The Stack Archive

Coming soon: movie trailers that change depending on who you are

Fri 18 Mar 2016

A Cambridge academic is working on a project to auto-generate movie trailers based on the user watching them, emphasising aspects of the movie likely to appeal most to that viewer.

Among a fascinating raft of projects based on computer-recognition of visual data, Shasha Lu, a lecturer in Marketing at Cambridge Judge Business School, proposes that the dark art of movie trailer production could become automated to produce bespoke output, and explains:

“[As] it stands all move trailers target the same group of people; if there’s, say, a trailer with an action element that’s watched by someone that doesn’t go in for action films, they may well be put off seeing it, whereas in fact the movie might have plenty of non-action that makes the film attractive to this viewer.”

The field of preference-targeted trailers has so far existed only as a meme on YouTube, where users upload spoof trailers that defy the genre of the movie in question, such as this popular one which attempts to sell Stanley Kubrick’s 1980 horror classic The Shining as a genial family comedy:

Marketing a ‘Four-Quadrant’ movie – one which holds some appeal both for men and women and for under and over-25s – can be problematic, leading to enormous variation in types of publicity that are run for the film, depending on the context (such as men’s vs. women’s magazines, and the target audience, hour and demographics of a TV ad). But a trailer delivered via a website to a computer or smartphone could potentially be chosen from a pool of possible demographically-targeted versions – or even assembled ad hoc. Since the project is currently at an experimental stage, Lu gives no details about the mechanism or viewing environment considered, but since most of her projects involve either facial analysis or other kinds of intelligent visual analysis of consumers, these could be input factors.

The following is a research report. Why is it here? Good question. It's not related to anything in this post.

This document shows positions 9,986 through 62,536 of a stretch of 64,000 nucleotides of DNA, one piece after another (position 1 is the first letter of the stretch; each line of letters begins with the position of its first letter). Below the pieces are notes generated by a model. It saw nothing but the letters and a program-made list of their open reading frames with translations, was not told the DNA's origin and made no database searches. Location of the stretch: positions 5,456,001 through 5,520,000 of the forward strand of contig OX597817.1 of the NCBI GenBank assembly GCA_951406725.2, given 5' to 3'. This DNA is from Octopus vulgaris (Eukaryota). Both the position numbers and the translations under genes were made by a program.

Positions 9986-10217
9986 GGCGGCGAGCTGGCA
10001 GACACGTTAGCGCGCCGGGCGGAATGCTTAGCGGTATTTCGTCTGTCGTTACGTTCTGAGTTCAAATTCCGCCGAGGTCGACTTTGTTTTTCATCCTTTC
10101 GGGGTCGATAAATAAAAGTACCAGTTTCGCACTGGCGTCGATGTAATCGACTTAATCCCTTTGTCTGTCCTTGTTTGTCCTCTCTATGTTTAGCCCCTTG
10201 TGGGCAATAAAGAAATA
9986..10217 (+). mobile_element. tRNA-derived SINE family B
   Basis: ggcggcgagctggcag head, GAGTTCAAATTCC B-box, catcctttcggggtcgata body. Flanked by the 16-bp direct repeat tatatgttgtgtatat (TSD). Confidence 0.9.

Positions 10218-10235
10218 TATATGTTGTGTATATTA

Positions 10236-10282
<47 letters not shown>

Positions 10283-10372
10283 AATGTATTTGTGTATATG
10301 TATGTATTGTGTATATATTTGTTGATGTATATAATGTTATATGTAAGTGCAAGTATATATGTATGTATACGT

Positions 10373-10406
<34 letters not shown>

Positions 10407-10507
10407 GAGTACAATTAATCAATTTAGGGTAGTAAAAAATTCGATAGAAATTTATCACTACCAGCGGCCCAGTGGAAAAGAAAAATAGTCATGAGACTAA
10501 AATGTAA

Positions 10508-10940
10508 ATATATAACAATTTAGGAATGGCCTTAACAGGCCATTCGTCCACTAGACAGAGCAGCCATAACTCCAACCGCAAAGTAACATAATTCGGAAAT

“We know that it’s possible to analyse the content of movies to extract all kinds of information, “ says Lu. “Lighting, colour, motion and shot, for instance – all of which relates to people’s preferences, and we are working on using this to customise movie trailers according to people’s preferences, thereby improving the effectiveness of the movie trailer and getting people to watch movies they might otherwise dismiss.”

Lu, who was born in Shanghai and holds degrees in computer science and business, together with a PhD in marketing, is also working on an automated recommender system to help women choose clothes in stores, which uses a camera mounted on a mirror to analyse the woman’s facial expressions and behavioural responses, two pieces of ‘data’ which are of great interest to the sales people attending them: “The first is whether the customer likes it or not, which is inferred by her emotional response from her facial expression. The second is which particular part of the garment she likes or dislikes, which is observed through behavioural response. If she’s touching her collar or scratching the lower hem with an annoying expression on her face, for example, we may infer she doesn’t like that bit of the garment.”

Lu, who is also developing a dating recommending system based on people’s preferences for certain facial characteristics and topography, considers that the field of image and video data analysis is going to be of increasing interest in marketing in the future, and notes that Harvard Business School has already taken an avid interest in the potential of such technologies.


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